Second, for too long socialists (of many types) had looked to Western imperialist countries for the breakthrough of proletarian revolutions. Instead, they needed to look East, where the real revolutionary upsurge was happening. And by “the East” is meant China, India, Egypt, Morocco – in fact, all of the countries in Asia, Africa, and the Pacific that were still colonised.

Third, capitalist imperialism relies on colonies for food, fuel, raw materials for industry, cheap labour, and closed markets to sell their over-priced products. This is the “rear” (a military metaphor) of capitalist imperialism. It follows that Communists need to resolutely support anti-colonial struggles for national liberation.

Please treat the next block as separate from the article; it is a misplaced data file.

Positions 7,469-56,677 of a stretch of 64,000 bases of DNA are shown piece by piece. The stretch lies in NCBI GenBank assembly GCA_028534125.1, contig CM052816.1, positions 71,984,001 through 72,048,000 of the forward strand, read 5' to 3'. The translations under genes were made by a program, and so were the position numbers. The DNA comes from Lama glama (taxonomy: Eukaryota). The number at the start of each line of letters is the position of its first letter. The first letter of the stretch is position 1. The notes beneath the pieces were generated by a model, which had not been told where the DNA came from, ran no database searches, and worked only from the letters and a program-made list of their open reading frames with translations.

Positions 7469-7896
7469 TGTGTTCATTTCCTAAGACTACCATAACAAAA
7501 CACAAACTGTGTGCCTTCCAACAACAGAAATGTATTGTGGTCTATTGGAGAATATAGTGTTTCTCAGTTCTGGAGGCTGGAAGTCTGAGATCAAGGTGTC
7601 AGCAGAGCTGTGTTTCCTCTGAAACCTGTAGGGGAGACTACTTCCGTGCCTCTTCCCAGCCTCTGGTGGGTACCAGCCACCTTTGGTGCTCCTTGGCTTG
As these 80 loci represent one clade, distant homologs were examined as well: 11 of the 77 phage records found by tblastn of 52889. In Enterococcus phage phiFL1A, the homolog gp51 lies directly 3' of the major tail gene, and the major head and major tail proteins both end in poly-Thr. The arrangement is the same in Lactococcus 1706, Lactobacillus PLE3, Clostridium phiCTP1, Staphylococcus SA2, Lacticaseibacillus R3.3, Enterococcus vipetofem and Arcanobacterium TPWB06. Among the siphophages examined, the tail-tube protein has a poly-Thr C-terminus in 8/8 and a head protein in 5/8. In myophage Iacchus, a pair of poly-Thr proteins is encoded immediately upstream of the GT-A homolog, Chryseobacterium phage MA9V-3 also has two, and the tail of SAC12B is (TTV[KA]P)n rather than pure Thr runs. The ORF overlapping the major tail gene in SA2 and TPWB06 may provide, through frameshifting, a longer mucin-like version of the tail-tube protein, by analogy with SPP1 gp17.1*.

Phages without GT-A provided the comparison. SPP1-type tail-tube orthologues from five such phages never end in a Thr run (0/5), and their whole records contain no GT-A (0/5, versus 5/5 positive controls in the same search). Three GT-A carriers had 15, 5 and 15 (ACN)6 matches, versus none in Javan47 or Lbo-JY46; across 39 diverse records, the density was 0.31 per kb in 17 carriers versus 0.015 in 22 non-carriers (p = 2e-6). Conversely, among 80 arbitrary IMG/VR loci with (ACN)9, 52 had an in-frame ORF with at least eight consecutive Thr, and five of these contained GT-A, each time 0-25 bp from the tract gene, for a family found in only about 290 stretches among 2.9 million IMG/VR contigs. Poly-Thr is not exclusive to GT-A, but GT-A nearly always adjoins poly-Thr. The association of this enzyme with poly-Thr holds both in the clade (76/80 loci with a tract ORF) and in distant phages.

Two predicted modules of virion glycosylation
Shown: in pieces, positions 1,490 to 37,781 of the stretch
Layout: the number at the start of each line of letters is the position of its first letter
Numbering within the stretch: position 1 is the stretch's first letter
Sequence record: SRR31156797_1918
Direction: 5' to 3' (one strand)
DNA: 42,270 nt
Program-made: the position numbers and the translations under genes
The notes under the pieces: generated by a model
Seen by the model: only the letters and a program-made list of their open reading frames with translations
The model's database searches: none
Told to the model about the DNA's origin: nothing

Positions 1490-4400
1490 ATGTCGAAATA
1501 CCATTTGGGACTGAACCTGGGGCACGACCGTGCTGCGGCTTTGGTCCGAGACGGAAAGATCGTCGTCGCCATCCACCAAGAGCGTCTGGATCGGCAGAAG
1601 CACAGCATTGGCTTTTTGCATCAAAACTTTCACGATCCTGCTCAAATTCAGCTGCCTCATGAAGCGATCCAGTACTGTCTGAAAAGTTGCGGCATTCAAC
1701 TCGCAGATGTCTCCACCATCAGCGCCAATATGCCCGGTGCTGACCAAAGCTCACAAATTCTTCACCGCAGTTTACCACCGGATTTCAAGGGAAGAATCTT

Fourth, this means that the Soviet Union, along with other socialist movements, should “support – resolutely and actively … support – the national liberation movement of the oppressed and dependent peoples.” This concrete reality meant a consistent flow of arms, technology, advice, and education, so as to assist these anti-colonial movements, from the Chinese Revolution to liberation movements in Africa and elsewhere.